I always worry about our newest lambs when it rains. Generally, our ewes take wonderful care of their lambs - a little rain doesn't phase them. However, the older ewes that we're lambing out this fall have had some challenges.
When we arrive at the ranch each morning, our first chore is to walk through the ewes and lambs and check for problems. I look for lambs that appear thin or cold, especially after a rainy and windy day like we had Sunday. If a ewe isn't producing enough milk or has forgotten a lamb, we'll intervene. If possible, we supplement the ewe's milk production by bottle-feeding the lamb (or lambs) in the pasture. Sometimes, however, a lamb has become so chilled that we have to intervene more forcefully.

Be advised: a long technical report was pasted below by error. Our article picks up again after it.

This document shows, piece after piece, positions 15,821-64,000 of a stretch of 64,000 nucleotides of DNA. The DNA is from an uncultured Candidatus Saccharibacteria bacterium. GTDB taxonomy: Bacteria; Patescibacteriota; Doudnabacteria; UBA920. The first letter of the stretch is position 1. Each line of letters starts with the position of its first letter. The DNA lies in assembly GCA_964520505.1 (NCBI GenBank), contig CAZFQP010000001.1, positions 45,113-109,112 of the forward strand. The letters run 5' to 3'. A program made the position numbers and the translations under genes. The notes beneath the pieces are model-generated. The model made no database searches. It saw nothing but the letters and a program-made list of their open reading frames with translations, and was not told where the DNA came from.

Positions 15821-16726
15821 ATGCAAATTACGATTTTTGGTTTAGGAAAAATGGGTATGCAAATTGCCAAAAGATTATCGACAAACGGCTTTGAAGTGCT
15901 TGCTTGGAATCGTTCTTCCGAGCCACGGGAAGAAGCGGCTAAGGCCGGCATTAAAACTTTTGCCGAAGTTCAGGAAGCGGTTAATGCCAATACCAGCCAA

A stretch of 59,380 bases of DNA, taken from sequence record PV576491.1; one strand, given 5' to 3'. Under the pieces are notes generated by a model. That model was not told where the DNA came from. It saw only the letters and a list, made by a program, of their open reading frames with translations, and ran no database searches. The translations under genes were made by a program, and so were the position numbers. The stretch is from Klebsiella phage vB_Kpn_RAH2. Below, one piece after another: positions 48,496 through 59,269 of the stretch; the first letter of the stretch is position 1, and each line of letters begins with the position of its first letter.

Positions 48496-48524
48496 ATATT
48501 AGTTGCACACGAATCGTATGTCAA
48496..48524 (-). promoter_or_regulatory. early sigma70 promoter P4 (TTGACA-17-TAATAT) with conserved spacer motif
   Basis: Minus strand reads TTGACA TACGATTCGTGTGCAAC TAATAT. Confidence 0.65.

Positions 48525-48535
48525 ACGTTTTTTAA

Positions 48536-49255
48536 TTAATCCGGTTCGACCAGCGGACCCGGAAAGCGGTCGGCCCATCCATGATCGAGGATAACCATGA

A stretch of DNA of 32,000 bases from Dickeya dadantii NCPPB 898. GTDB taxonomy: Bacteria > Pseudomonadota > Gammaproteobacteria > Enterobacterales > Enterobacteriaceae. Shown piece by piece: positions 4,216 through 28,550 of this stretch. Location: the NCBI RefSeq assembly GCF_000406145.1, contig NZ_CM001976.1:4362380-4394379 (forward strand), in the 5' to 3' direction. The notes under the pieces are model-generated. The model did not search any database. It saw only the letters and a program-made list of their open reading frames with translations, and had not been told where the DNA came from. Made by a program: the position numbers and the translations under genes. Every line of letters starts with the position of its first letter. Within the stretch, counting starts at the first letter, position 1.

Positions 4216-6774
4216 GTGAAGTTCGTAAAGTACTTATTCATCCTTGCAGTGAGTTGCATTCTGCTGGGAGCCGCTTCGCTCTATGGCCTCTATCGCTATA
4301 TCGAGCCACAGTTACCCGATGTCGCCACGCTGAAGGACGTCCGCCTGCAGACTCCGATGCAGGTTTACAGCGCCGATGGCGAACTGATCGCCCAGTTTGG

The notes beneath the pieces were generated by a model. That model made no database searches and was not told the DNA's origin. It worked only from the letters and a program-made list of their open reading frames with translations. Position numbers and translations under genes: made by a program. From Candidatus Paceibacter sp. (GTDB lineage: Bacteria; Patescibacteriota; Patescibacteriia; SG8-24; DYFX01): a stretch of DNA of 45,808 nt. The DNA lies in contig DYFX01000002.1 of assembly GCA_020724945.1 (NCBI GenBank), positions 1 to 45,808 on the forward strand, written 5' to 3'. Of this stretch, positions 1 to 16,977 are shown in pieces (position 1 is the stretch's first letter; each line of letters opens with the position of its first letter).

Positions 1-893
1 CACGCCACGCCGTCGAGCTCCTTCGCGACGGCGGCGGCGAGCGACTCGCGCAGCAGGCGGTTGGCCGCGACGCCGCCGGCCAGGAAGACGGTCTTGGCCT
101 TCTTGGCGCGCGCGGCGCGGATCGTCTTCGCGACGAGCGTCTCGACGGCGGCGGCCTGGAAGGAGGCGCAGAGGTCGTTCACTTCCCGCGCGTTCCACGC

This morning, we discovered a lamb that was barely alive. He was so cold (mostly from lack of milk) that he had no suckling response. We caught his mother and tried to milk her, only to discover that she was hardly producing any milk at all (the root of the lamb's problems). We were able to get about 10 ml of colustrum from her, which we fed to the lamb using a stomach tube. I then wrapped the lamb in my coat and left it the sunlight while we did the rest of our chores. We brought the lamb home and gave him milk replacer, again using the stomach tube because he was too weak to suck. We left him wrapped in a towel next to the woodstove.
When we returned from our next set of chores, he was warm and hungry - and he'd remembered how to suck! We fed him sheep's milk that we'd frozen during the summer, which he devoured quickly. As I write this, he's napping on the hearth next to the fire - waiting for the next feeding at 10 p.m.